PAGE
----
Seth Klarman's 3 Secrets to Value Investing
Seth Klarman (Trades, Portfolio)'s Baupost Group is one of the most successful hedge funds in the world. Since 1982, its various funds have earned average returns of more than 19%. Today, the firm manages more than $30 billion. Even more incredible, it's reported that the investment team is made up of just 12 people.
What's made the Baupost Group so successful? In 2015, Brian Spector, a senior partner on the verge of retirement, revealed several key insights into the inner workings of the famed hedge fund. At the request of Klarman, Spector wrote a letter to investors detailing his history at the firm.
"Because of his unique perspective and insights, I asked Brian to draft a letter to you that accompanies this letter," Klarman told investors. "He alone determined the content. I hope you find that it furthers your understanding of Baupost."
What was in the letter? Let's dive in.
Value investing isn't for the weak
Value investing can be fun and easy, but often, it's excruciating. By definition, value investing is purchasing an asset for less than it's worth. To do that, an investor must disagree with popular opinion. Value investors are often told they're wrong. They have to take criticisms from seasoned analysts, management teams and even other investors.
Thankfully, over the decades, value investing has proven to be a winning formula. But value stocks can go out of favor for years at a time. Just take a look at the chart below, which suggests value stocks are actually trading at a discount to the market. Not only do value investors have to deal with others telling them they're wrong, but they often are wrong, sometimes for years at a time. Eventually, many are vindicated, but it's a hard road getting there.
Spector provided some insight into how Baupost dealt with "being wrong" during the dot-com bubble. At the time, he was just 25 years old.
"Traditional metrics like cash flow and asset values were being blatantly disregarded by the market in favor of newfound metrics such as eyeballs and clicks," he wrote. "High-tech companies were the darlings in a rapidly rising market while less-sexy value stocks significantly lagged."
In a rare occurrence, Baupost actually lost money during one of the most aggressive bull markets in U.S. history.
When the bubble burst, you would think Baupost would be gloating about staying on the sidelines. Instead, it purchased falling tech stocks as other panicked, and yet again was chided for "being wrong."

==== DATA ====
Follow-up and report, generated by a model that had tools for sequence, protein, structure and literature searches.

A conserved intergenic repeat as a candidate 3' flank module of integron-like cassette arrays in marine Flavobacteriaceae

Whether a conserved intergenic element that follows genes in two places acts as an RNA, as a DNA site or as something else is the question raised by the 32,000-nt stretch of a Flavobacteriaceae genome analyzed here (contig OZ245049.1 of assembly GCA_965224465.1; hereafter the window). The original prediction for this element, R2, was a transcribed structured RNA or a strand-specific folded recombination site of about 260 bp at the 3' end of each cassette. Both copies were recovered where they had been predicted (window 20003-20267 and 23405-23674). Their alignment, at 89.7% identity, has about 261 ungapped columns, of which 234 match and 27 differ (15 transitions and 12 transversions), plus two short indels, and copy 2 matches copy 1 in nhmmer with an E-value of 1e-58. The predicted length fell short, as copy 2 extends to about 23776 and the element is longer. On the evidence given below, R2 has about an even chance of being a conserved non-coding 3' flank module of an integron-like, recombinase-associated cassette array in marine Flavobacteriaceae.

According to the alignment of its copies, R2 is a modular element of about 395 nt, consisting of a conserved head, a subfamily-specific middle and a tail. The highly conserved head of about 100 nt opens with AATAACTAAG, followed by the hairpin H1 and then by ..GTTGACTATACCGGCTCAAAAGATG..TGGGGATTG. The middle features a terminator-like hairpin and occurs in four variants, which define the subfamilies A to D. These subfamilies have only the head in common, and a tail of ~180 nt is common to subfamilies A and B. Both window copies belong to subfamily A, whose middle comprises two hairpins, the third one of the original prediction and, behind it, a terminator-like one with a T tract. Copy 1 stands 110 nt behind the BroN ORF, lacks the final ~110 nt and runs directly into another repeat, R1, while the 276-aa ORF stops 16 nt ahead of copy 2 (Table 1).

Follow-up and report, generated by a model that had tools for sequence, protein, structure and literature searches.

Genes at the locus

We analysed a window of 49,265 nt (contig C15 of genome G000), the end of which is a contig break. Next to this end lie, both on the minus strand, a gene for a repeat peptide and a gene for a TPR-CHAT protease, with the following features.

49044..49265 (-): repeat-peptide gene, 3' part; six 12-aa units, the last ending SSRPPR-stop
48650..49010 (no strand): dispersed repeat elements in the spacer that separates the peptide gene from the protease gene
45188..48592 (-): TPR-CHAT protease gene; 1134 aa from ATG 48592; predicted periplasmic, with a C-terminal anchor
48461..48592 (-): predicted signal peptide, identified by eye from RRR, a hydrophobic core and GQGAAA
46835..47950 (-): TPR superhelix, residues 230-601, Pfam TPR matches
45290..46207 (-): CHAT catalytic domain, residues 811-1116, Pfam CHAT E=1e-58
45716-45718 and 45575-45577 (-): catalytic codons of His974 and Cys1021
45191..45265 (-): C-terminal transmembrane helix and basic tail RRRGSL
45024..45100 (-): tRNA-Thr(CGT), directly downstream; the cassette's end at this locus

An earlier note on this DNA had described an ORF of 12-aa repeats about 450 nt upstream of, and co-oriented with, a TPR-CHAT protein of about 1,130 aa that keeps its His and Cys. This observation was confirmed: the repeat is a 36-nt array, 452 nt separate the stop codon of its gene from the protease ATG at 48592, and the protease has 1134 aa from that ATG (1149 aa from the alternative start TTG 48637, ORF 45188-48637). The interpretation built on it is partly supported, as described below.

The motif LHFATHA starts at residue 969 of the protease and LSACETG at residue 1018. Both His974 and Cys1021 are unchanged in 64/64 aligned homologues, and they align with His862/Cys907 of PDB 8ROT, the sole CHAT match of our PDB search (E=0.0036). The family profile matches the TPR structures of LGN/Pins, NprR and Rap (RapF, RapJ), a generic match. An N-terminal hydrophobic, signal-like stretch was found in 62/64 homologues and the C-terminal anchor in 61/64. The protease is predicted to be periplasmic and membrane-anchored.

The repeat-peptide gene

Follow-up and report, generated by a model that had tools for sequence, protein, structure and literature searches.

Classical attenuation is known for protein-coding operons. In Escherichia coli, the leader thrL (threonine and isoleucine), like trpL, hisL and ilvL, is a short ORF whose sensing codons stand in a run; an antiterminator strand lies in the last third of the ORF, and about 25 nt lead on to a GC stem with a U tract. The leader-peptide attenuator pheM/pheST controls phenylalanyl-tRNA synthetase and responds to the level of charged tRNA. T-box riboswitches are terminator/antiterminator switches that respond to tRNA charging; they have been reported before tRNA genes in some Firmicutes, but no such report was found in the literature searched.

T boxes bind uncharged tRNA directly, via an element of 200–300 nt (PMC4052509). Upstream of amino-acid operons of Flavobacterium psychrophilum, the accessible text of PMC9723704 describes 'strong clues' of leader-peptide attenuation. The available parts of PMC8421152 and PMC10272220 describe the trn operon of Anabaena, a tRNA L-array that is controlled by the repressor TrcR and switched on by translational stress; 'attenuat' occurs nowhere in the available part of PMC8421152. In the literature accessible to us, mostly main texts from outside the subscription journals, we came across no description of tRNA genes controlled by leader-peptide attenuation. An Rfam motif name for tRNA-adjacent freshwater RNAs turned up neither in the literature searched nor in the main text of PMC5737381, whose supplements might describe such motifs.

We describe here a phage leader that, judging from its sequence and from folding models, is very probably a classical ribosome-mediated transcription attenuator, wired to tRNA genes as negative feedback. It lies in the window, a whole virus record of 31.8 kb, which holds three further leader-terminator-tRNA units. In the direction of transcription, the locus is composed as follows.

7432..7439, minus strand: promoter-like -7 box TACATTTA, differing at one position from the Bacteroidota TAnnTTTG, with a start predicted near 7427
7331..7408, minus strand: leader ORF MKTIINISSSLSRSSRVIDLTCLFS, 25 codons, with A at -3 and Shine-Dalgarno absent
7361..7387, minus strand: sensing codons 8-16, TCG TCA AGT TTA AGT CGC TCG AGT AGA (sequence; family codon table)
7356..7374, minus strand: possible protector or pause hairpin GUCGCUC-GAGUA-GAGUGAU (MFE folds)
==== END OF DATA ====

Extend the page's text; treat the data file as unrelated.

"The bear market picked up steam and we found a number of stocks trading near or even below their net cash value. We bought baskets of formerly hot technology stocks that were getting pummeled, despite having good businesses with contracted revenues. Although many of these companies were experiencing negative cash flow, their management teams were shrinking headcount to align to the new economic reality and were successfully lowering or eliminating cash burn. It seemed like shooting fish in a barrel. We were buying cash at a discount with an option that the underlying businesses had real value. All we had to do was wait for that underlying value to be recognized. What could be easier than buying cash at a discount?"
Spector went on to cover one of the most underappreciated downsides of value investing: the mental toll.
"It turns out buying a dollar for 50 cents is a lot harder than it seems. Every day we added to these positions, thinking we were getting an even better bargain than the day before, only to wake up and watch prices drop further. Other respected investors would often comment about how 'value tech' was a 'value trap,' best to be avoided. It was as if the market was having a 'going out of business' sale and we happened to be the only customer who showed up. While both exhilarating and painful at the same time, what I remember most vividly is exhaustion. After countless late nights at the office, I would head home, collapse on my couch and stare at the ceiling. I was unable to read, watch television, or fall asleep. All I could do was worry about what we might have missed in our analysis."
If you want to be a successful value investor like Klarman and his team, it's important to have both investing acumen and courage.
Don't time the market
Ray Dalio (Trades, Portfolio) once likened market timing to playing poker against the best. More often than not, you're going to lose. The Baupost Group seems to take a similar approach. Over the years, its portfolio has had dramatically different cash balances, anywhere from 0% to 50%.